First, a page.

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Anna Kingsford-‘Hymn To Hermes’

Engraving by Hendrick Goltzius, (artist), Dutch, 1558 – 1617.

After a painting by Polidoro da Caravaggio, Lombard, c. 1499 – 1543.

(This print is part of a series of eight prints of classical gods, based on paintings by Polidoro da Caravaggio on the facade of a Roman house, seen and copied by Goltzius in Rome.)


  1. ‘A moving light between heaven and earth; as a white cloud assuming many shapes;
  2. He descends and rises, he guides and illumines, he transmutes himself from small to great, from bright to shadowy, from the opaque image to the diaphanous mist.
  3. Star of the East conducting the Magi; cloud from whose midst the holy voice speaketh; by day a pillar of vapour, by night a shining flame.
  4. I behold thee, Hermes, Son of God, slayer of Argus, archangel, who bearest the rod of knowledge, by which all things in heaven or on earth are measured.
  5. Double serpents entwine it, because as serpents they must be wise who desire God.
  6. And upon thy feet are living wings, bearing thee feerless through space and over the abyss of darkness; because they must be without dread to dare the void and the deep, who desire to attain and to achieve.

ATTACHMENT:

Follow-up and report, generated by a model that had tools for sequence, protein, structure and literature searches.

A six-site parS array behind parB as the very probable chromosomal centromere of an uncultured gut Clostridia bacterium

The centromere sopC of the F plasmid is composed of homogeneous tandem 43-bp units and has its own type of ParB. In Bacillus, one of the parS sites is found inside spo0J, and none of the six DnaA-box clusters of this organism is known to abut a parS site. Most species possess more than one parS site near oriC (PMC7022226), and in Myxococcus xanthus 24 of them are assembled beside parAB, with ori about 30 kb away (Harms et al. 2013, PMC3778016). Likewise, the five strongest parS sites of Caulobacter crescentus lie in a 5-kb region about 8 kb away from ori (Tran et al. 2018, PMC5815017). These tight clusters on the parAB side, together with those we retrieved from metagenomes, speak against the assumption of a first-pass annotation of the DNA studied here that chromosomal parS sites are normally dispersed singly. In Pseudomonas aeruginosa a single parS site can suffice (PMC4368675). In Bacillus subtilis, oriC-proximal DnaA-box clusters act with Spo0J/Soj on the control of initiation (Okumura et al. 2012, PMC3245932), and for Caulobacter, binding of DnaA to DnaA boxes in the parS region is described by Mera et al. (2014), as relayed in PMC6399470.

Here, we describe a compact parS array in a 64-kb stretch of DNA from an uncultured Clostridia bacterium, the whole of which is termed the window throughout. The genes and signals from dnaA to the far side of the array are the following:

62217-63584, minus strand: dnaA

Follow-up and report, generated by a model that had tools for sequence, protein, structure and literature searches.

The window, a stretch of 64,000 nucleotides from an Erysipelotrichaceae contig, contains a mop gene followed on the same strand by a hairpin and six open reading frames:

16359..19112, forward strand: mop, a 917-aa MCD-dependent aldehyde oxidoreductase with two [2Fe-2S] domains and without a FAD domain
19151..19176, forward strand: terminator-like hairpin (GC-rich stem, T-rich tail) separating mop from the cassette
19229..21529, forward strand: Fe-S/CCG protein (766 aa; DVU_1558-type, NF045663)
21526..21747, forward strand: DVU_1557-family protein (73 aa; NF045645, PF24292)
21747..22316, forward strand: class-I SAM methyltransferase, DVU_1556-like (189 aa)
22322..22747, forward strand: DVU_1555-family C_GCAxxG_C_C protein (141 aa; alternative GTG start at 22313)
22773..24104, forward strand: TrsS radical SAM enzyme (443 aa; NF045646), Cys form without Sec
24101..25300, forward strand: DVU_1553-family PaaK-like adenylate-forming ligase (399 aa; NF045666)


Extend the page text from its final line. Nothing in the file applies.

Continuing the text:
7. Upon thy side thou wearest a sword of a single stone, two edged, whose temper resisteth all things.
  8. For they who would slay or save must be armed with a strong and perfect will, defying and penetrating with no uncertain force.
  9. This is Herpe, the sword which destroyeth demons; by whose aid the hero overcometh, and the saviour is able to deliver.
  10. Except thou bind it upon thy thigh thou shalt be overborne, and blades of mortal making shall vail against thee.
  11. Nor this all thine equipment, Son of God; the covering of darkness is upon thine head, and none is able to strike thee.
  12. This is the magic hat, brought from Hades, the region of silence, where they are who speak not.
  13. He who bears the world on his shoulders shall give it to thee, lest the world fall on thee, and thou be ground into powder.
  14. For he who has perfect wisdom and knowledge, he whose steps are without fear, and whose will is single and all pervading;
  15. Even he must also know how to keep the divine secrets, and not to expose the holy mysteries of God to the senses of the wicked.
  16. Keep a bridle upon thy lips, and cover thys head in the way of battle.
  17. These are the four excellent things,-the rod, the wings, the sword, and the hat.
  18. Knowledge, with thou must gain with labour: the spirit of holy boldness, which cometh by faith in God; a mighty will, and a complete discretion.
  19. He who discovers (uncover, discloses) the holy mysteries is lost.
  20. Go thy way in silence, and see thou tell no man.’
Jean-Baptiste Pigalle, Mercure



From Anna Kingsford‘s

‘Clothed with the Sun’,

page 236 / 237

More about Anna Kingsford:
Anna Kingsford-‘Hymn To Hermes’

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